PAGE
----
Cowboy Poetry Week: “I Ride an Old Paint”

An American Paint Horse at a horse show in the Czech Republic, from Wikipedia, photo by Karakal

The Death of the Old West

Depending on who you talk to, rumors of the death of the Old West, may be somewhat exaggerated. Some say it died when the railroads started carrying beef on the hoof to places like Kansas City and Chicago. Others say it died when barbed wire was invented. Even today, there are those that infer that the Old West lasted until the automobile and paved roads became the norm for transportation. And finally, there are those that believe that the Old West may still exist in small pockets, where a few determined herders somehow manage to work what’s left of the open range.

The Search

Back during the Roaring Twenties, when speakeasies and Jazz music were the rage, Carl Sandburg went on a search. He was looking for genuine cowboy songs from the Old West. To do this properly, the young Midwesterner dropped out of college, crisscrossed the western mountains and prairies, looking for old remnants of years gone by. Somewhere in the high desert of New Mexico, he came across this beauty of a song.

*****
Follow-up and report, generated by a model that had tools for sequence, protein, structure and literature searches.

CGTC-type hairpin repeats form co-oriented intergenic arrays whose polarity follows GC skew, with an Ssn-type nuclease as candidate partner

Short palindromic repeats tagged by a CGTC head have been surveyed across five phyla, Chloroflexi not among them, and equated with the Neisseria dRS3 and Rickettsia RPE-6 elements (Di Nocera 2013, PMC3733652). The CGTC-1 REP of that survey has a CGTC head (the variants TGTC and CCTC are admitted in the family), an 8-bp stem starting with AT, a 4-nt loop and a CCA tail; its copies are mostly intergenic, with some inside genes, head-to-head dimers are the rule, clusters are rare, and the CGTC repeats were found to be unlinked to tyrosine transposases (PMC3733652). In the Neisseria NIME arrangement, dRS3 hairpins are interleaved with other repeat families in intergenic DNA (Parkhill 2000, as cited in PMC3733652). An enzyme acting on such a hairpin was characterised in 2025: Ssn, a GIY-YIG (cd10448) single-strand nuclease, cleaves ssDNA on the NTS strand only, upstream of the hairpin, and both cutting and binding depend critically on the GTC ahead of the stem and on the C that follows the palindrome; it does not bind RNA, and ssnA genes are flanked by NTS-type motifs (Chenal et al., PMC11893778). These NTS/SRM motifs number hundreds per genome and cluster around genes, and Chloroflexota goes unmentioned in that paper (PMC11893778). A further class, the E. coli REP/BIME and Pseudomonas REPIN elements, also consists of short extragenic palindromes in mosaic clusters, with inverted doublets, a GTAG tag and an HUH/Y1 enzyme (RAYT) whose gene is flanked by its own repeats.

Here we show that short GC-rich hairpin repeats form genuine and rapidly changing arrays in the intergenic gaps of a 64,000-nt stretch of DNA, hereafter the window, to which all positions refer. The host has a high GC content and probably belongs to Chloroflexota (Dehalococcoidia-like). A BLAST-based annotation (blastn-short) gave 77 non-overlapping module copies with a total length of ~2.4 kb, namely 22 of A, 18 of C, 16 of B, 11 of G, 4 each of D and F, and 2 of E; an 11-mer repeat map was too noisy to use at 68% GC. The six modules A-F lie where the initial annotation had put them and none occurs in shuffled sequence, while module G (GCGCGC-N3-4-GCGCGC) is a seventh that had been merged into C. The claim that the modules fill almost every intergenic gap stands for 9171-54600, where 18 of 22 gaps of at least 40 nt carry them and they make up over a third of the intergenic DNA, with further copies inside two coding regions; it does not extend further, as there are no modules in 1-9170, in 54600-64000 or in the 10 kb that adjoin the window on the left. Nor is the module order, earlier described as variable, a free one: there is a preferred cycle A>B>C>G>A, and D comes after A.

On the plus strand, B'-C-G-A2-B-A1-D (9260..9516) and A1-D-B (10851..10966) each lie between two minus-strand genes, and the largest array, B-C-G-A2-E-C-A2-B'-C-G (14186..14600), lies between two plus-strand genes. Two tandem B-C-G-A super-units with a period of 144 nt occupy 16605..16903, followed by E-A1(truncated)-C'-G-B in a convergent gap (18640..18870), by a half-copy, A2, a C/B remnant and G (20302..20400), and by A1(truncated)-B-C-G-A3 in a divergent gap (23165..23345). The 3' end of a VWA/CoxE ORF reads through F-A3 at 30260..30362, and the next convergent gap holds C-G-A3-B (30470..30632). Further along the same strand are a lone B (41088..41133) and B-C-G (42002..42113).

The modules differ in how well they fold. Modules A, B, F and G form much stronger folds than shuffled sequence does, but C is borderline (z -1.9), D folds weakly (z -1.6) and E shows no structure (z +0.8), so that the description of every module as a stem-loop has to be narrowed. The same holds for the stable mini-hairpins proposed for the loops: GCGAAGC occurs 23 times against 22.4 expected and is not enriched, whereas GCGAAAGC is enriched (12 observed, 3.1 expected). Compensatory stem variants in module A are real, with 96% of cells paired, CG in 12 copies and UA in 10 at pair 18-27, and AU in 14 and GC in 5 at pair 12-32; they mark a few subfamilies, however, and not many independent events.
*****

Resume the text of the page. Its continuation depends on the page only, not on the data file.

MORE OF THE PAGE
What’s an Old Paint

First of all, an Old Paint is a type of horse common to the American West. Basically, it is a stock horse with a “pinto” pattern of color. The splotched color separates this breed from the solid, American quarter horse. Except for the color pattern, the two types of horses are similar in size, build and stock. Nonetheless, they are considered two separate breeds, which are both quite popular among American horsemen.

About the Song

Too many, “I Ride an Old Paint”, embodies the spirit of the Old West, as well as any folk song. There are many wonderful elements to the horseman’s tale, but perhaps the unusual method of burial is most telling about the special appeal for this Western lament. I seriously doubt that many (if any) cowhands were treated this way after leaving the world of the living. Yet still, there is a communion with the outdoor range, rarely expressed in Western music,when the corpse of the main character is tied to the back of his horse and then set loose into the bush.

Carl Sandburg at age 77

Who Was Carl Sandburg?

Carl Sandburg was born in Galesburg, Illinois in 1878. After serving in the military in Puerto Rico during the Spanish-American War, Carl returned to the Midwest, where he worked a variety jobs before he began publishing his own poetry in 1916. As an offshoot of his poetry, he put out a recording of folk songs (1927), gathered from traditional sources. This landmark album included such noted American classics, as the “Sloop John B” and “I Ride an Old Paint”. Over the years, the Old Paint song has one of the most recorded songs in American music.